Tuesday, 11 December 2012

Biography of Immanuel Kant

The canons of scientific evidence justify us neither in accepting nor rejecting the ideas upon which morality and religion repose. Both parties to the dispute beat the air; they worry their own shadow; for they pass from Nature into the domain of speculation, where their dogmatic grips find nothing to lay hold upon. The shadows which they hew to pieces grow together in a moment like the heroes in Valhalla, to rejoice again in bloodless battles. Metaphysics can no longer claim to be the cornerstone of religion and morality. But if she can not be the Atlas that bears the moral world she can furnish a magic defense. Around the ideas of religion she throws her bulwark of invisibility; and the sword of the skeptic and the battering-ram of the materialist fall harmless on vacuity.

--Immanuel Kant

Immanuel Kant was born in Seventeen Hundred Twenty-four at the City of Konigsberg, in the northeastern corner of Prussia. There he received his education; there he was a teacher for nearly half a century; and there, in his eightieth year, he died. He was never out of East Prussia and never journeyed sixty miles from his birthplace during his whole life. 

Professor Josiah Royce of Harvard, himself in the sage business, and perhaps the best example that America has produced of the pure type of philosopher, says, "Kant is the only modern thinker who in point of originality is worthy to be ranked with Plato and Aristotle." Like Emerson, Kant regarded traveling as a fool's paradise; only Emerson had to travel much before he found it out, while Kant gained the truth by staying at home. Once a lady took him for a carriage ride, and on learning from the footman that they were seven miles from home he was so displeased that he refused to utter a single orphic on the way back; and further, the story is that he never after entered a vehicle, and living for thirty years was never again so far from the lodging he called home.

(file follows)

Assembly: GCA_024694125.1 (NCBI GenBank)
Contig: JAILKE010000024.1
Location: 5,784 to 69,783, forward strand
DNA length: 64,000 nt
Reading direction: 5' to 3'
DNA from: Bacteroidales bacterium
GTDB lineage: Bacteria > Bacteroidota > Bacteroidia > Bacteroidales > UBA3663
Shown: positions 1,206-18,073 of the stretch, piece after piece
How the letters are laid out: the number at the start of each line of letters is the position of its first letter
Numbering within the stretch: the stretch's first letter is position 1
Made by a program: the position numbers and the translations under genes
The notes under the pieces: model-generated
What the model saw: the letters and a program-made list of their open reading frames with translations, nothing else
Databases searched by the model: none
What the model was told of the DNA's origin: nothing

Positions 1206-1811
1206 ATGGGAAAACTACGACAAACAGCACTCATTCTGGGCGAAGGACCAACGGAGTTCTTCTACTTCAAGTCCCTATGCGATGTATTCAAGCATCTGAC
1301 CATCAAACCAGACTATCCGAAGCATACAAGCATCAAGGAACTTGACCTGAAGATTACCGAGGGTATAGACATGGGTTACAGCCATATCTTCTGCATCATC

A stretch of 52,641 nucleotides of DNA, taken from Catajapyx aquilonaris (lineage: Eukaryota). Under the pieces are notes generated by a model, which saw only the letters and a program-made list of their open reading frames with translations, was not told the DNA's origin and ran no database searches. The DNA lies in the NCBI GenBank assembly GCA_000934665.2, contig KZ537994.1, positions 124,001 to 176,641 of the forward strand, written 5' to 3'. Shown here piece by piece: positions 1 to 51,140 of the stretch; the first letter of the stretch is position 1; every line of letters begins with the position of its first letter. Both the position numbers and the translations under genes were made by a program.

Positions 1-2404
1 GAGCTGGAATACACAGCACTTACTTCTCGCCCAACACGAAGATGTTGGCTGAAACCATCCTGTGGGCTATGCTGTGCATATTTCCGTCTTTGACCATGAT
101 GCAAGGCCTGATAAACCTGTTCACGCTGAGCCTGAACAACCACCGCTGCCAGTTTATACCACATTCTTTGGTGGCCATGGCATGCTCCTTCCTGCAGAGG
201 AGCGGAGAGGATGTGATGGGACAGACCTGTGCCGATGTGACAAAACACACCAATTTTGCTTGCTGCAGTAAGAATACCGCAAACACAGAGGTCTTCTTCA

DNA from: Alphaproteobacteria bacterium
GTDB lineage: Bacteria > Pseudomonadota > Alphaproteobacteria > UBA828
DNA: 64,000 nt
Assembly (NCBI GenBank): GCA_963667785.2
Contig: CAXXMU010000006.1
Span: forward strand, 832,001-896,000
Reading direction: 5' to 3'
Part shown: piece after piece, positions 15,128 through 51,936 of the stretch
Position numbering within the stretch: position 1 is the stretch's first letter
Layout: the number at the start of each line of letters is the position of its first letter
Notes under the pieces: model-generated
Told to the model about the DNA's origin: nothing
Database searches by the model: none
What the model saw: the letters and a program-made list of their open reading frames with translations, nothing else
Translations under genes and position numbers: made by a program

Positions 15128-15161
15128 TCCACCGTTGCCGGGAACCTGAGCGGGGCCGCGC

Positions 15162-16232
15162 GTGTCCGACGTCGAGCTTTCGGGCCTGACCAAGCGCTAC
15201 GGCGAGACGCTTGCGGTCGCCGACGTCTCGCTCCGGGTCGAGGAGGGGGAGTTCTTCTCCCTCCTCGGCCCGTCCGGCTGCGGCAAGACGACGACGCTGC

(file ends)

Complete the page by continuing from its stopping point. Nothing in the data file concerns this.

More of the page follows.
In his lectures on physical geography Kant would often describe mountains, rivers, waterfalls, volcanoes, with great animation and accuracy, yet he had never seen any of these. Once a friend offered to take him to Switzerland, so he could actually see the mountains; but he warmly declined, declaring that the man who was not satisfied until he could touch, taste and see was small, mean and quibbling as was Thomas, the doubting disciple. Moreover, he had samples of the strata of the Alps, and this was enough, which reminds us of the man who had a house for sale and offered to send a prospective purchaser a sample brick.

Mind was the great miracle to Kant--the ability to know all about a thing by seeing it with your inward eye. "The Imagination hath a stage within the brain upon which all scenes are played," and the play to Kant was greater than the reality. Or, to use his own words: "Time and Space have no existence apart from Mind. There is no such thing as Sound unless there be an ear to receive the vibrations. Things and places, matter and substance come under the same law, and exist only as mind creates them."
The parents of Kant were very lowly people. His father was a day laborer--a leather-cutter who never achieved even to the honors and emoluments of a saddler. There were seven children in the family, and never a servant crossed the threshold. One daughter survived Immanuel, and in her eighty-fourth year she expressed regrets that her brother had proved so recreant to the teachings of his parents as practically to alienate him from all his relatives. One brother became a Lutheran minister and lived out an honored career; the others vanish and fade away into the mist of forgetfulness.